Prolonged macrophage activation and persistent anaemia in children with complicated malaria

G. Biemba, V. R. Gordeuk, P. E. Thuma, G. F. Mabeza, G. Weiss

Research output: Contribution to journalArticle

Abstract

OBJECTIVE: To determine if prolonged immune activation may be associated with the persistence of anaemia after treatment for severe malaria, we measured serum concentrations of neopterin and interleukin-4 during one week of antimalarial therapy and determined haemoglobin levels one month later. Neopterin is a clinically valuable marker for monitoring activation of macrophages by gamma-interferon and thus reflects the TH-1 immune response. Interleukin-4 is a major cytokine that tends to be inhibited by TH-1 activity. METHOD: The study population consisted of 26 Zambian children <6 years of age who presented with cerebral malaria to a rural hospital in 1994 and who were treated with quinine for seven days. Six children (23%) were anaemic (haemoglobin < 11 g/dl) one month after completing antimalarial therapy. RESULTS: On admission, concentrations of neopterin were markedly elevated in all patients. During the seven days of anti-malarial therapy, neopterin levels remained elevated in the 6 children who proved to have persistent anaemia one month after finishing treatment but declined significantly (P = 0.008) in the 2.0 children who corrected their haemoglobin levels by that time. Conversely, interleukin-4 levels declined in the children with persistent anaemia (P = 0.043) but not in the other children. CONCLUSION: Persistence of the TH-1 mediated immune response and associated activation of macrophages may be involved in the pathogenesis of lingering anaemia after treatment of malaria.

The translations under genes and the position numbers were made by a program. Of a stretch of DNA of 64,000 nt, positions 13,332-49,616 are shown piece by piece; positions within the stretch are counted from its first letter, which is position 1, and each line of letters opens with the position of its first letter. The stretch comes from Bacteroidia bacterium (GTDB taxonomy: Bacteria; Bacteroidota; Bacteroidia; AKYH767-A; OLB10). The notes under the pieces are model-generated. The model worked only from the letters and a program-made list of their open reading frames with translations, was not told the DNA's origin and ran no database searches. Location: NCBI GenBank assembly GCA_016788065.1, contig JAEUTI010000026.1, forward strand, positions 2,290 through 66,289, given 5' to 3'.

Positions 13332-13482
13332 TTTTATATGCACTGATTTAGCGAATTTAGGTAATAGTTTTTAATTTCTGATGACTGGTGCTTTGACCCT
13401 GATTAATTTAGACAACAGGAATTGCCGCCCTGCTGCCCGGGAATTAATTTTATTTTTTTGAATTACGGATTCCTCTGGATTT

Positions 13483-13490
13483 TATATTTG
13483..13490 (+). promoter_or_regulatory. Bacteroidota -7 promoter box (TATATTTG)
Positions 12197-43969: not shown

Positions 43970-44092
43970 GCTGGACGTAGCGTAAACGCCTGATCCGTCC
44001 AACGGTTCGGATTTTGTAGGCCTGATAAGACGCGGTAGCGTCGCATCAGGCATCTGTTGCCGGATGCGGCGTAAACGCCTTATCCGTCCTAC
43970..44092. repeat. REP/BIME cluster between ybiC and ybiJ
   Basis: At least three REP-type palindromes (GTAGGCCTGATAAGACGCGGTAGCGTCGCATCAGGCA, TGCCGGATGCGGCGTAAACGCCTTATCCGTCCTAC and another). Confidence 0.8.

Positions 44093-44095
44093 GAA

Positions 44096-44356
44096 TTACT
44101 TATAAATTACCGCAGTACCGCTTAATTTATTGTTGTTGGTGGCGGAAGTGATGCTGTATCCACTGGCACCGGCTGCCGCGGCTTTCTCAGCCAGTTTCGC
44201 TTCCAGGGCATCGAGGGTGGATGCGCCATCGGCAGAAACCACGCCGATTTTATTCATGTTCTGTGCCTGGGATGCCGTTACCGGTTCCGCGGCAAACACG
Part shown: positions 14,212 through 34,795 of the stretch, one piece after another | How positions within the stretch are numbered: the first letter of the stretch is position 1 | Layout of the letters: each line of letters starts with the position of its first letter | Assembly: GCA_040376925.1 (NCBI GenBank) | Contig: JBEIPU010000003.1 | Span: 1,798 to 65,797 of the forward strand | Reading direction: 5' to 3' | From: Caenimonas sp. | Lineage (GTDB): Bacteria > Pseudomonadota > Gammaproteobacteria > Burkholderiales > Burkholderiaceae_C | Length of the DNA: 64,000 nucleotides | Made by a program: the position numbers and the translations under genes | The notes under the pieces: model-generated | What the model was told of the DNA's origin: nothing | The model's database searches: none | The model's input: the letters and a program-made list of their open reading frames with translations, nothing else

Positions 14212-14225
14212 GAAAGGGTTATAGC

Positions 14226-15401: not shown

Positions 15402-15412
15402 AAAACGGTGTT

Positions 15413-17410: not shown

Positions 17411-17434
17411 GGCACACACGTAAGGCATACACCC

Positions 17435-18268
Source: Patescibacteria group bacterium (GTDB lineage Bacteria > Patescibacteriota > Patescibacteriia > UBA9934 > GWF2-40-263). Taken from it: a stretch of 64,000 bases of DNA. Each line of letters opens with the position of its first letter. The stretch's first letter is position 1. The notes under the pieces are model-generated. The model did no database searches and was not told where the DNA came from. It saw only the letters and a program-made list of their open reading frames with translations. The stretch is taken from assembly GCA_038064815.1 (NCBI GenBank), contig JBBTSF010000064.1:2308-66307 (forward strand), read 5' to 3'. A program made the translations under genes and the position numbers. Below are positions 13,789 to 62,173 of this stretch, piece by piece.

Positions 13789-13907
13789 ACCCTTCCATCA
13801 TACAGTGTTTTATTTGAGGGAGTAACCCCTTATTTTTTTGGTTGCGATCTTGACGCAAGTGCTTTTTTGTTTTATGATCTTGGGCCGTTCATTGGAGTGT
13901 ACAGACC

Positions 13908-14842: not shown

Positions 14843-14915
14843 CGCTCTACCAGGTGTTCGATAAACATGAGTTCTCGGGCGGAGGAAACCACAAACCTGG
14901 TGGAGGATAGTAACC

Original languageEnglish (US)
Pages (from-to)60-65
Number of pages6
JournalTropical Medicine and International Health
Volume3
Issue number1
DOIs
StatePublished - Mar 3 1998
Externally publishedYes

Keywords

  • Anaemia
  • Interleukin-4
  • Malaria
  • Neopterin
  • Zambia

ASJC Scopus subject areas

  • Parasitology
  • Public Health, Environmental and Occupational Health
  • Infectious Diseases

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